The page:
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About : More material examples. More complex.
Target Audience : Unreal Engine users – Intermediate/Advanced
Platform : Unreal Engine 3
Last Update : May 2011

The Examples


Material Instances

Material Instances are nifty things that can be used to make a quick and easy variation of an existing material setup without having to duplicate the entire setup. A Material Instance becomes a child of the original parent material. The biggest advantage of this approach is that when you have the need to modify or polish the original material, all children will also change along without any additional work.

Setting it up is pretty simple. Create a regular material and set it up like my example.

A TextureSample that is multiplied with a solid color to get a blue variation of the original texture. The special thing however is that I did not use a regular Constant3Vector expression, but a Vector Parameter expression. All the Parameter expressions are expressions that can be accessed and changed by Instanced Materials. Regular expressions cannot.
The Vector Parameter has a ParameterName set (“tutorialexamplename”) and it has a default color assigned, in this case blue. Once that’s set up you can close the material and create a MaterialInstanceConstant in the Generic Browser (rightclick an empty space in the browser -> New MaterialInstanceConstant).

Double click it to get to its properties and configure it as shown in my example.

Point the Instance to the Parent Material and add a new item to VectorParameterValues. In that new item you need to set the ParameterName, in this case that was “tutorialexamplename” and from then on you can modify the color as many times as you want.

As you can see there is also a ScalarParameter and a TextureParameter, they work likewise.

Blending textures by using the Vertex Colors

Just like UE2, UE3 too supports blending textures by making use of the Vertex Colors assigned to the Staticmesh. How to set up Vertex Colors in Max can be read in my Vertex Color tutorial. Also note, in the picture I use two Constant3Vectors instead of two textures, just for the sake of the example, and I linked the whole setup to Emissive, undesirable in practical use. Also, if the material also has normal and specular maps, duplicate the entire setup for those.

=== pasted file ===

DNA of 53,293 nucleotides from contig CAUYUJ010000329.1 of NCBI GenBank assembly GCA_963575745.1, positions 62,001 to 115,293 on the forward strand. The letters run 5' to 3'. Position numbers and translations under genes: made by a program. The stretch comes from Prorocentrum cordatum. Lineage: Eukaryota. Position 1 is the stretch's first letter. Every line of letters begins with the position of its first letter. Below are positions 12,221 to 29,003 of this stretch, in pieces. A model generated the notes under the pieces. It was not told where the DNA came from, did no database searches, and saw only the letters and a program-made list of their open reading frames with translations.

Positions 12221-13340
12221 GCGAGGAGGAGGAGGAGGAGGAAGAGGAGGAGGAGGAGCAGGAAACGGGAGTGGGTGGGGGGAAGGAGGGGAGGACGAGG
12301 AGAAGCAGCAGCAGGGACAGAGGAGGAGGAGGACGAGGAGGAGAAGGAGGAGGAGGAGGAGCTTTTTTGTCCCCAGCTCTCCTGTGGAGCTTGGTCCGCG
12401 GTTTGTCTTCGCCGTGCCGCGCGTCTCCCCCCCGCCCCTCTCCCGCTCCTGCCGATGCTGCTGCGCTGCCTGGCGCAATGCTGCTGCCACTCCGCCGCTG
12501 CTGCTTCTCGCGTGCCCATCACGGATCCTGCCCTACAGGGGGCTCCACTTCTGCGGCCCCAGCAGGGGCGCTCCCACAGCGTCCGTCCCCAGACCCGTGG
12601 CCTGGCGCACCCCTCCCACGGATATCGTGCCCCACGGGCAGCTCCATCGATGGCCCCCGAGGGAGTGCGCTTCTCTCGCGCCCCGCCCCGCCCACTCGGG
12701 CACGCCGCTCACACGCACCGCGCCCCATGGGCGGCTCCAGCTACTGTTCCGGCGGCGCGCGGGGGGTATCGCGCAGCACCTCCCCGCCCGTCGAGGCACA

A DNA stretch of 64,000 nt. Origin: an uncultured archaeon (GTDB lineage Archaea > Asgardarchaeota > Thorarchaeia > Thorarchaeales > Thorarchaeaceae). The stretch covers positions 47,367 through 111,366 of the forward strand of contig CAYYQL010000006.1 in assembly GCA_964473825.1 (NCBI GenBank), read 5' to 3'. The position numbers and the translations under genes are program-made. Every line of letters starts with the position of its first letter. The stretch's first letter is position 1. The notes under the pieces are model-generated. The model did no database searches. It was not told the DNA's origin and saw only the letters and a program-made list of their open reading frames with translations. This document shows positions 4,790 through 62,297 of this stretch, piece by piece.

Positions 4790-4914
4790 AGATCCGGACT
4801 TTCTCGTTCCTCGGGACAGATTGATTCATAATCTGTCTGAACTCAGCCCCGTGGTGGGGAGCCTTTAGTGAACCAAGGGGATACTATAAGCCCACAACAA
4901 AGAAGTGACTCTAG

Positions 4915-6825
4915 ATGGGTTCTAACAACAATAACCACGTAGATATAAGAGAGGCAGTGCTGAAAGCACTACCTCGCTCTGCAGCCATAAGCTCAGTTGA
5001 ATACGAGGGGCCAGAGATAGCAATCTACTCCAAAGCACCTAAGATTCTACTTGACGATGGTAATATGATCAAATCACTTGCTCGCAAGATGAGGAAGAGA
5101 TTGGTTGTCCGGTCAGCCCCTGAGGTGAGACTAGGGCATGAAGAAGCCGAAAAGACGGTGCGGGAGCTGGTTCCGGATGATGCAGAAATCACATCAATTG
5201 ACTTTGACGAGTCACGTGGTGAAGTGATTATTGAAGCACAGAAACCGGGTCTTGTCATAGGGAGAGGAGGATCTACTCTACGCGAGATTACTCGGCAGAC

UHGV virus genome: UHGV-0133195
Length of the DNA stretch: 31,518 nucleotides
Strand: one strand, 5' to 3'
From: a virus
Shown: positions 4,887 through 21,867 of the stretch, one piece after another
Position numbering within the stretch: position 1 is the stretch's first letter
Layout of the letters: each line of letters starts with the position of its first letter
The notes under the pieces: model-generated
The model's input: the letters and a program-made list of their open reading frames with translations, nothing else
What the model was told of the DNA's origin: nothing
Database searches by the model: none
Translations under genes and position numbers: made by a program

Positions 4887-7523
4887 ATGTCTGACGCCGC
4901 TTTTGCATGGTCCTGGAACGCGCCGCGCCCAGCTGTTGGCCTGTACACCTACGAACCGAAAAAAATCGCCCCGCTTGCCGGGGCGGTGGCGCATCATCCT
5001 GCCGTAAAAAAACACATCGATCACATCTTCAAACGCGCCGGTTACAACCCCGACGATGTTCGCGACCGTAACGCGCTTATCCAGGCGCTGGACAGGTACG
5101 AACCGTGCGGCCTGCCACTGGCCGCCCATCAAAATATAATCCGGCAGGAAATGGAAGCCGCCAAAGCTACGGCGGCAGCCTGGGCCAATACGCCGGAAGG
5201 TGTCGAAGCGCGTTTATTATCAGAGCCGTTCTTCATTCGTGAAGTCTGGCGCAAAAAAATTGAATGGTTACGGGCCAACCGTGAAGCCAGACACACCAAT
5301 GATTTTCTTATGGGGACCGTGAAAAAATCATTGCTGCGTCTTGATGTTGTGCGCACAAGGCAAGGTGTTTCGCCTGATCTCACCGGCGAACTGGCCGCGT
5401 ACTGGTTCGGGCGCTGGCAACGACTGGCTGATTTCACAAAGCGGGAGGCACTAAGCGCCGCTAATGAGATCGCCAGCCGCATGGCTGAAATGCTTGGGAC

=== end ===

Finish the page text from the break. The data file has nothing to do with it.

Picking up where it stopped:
The material as shown in the screenshot is not your typical Vertex Color blend setup.. Technically you only need two TextureSamples (two Constant3Vectors in this example), a Vertex Color expression, and a LERP. In my example however, I also added noise on top of the vertex colors, to further randomize the result and create more natural edges.


By using the PixelDepth expression, one can make a material that fades out the closer the camera, or the other way around. This is ideal for certain effects as well as for things like detailtexturing and macrotexturing. The material in the example was Unlit and had a Translucent renderstate.

Faking distance fog through a material

Along the same line, it is possible to fake distance fog using a Destdepth expression. The color of the distance fog is determined by the Constant3Vector. The Constant that is multiplied with DestDepth controls the distance. This is a great trick to use on a watersurface, especially if it’s water players can’t get into.
The material in the example was Unlit and had a Translucent renderstate.

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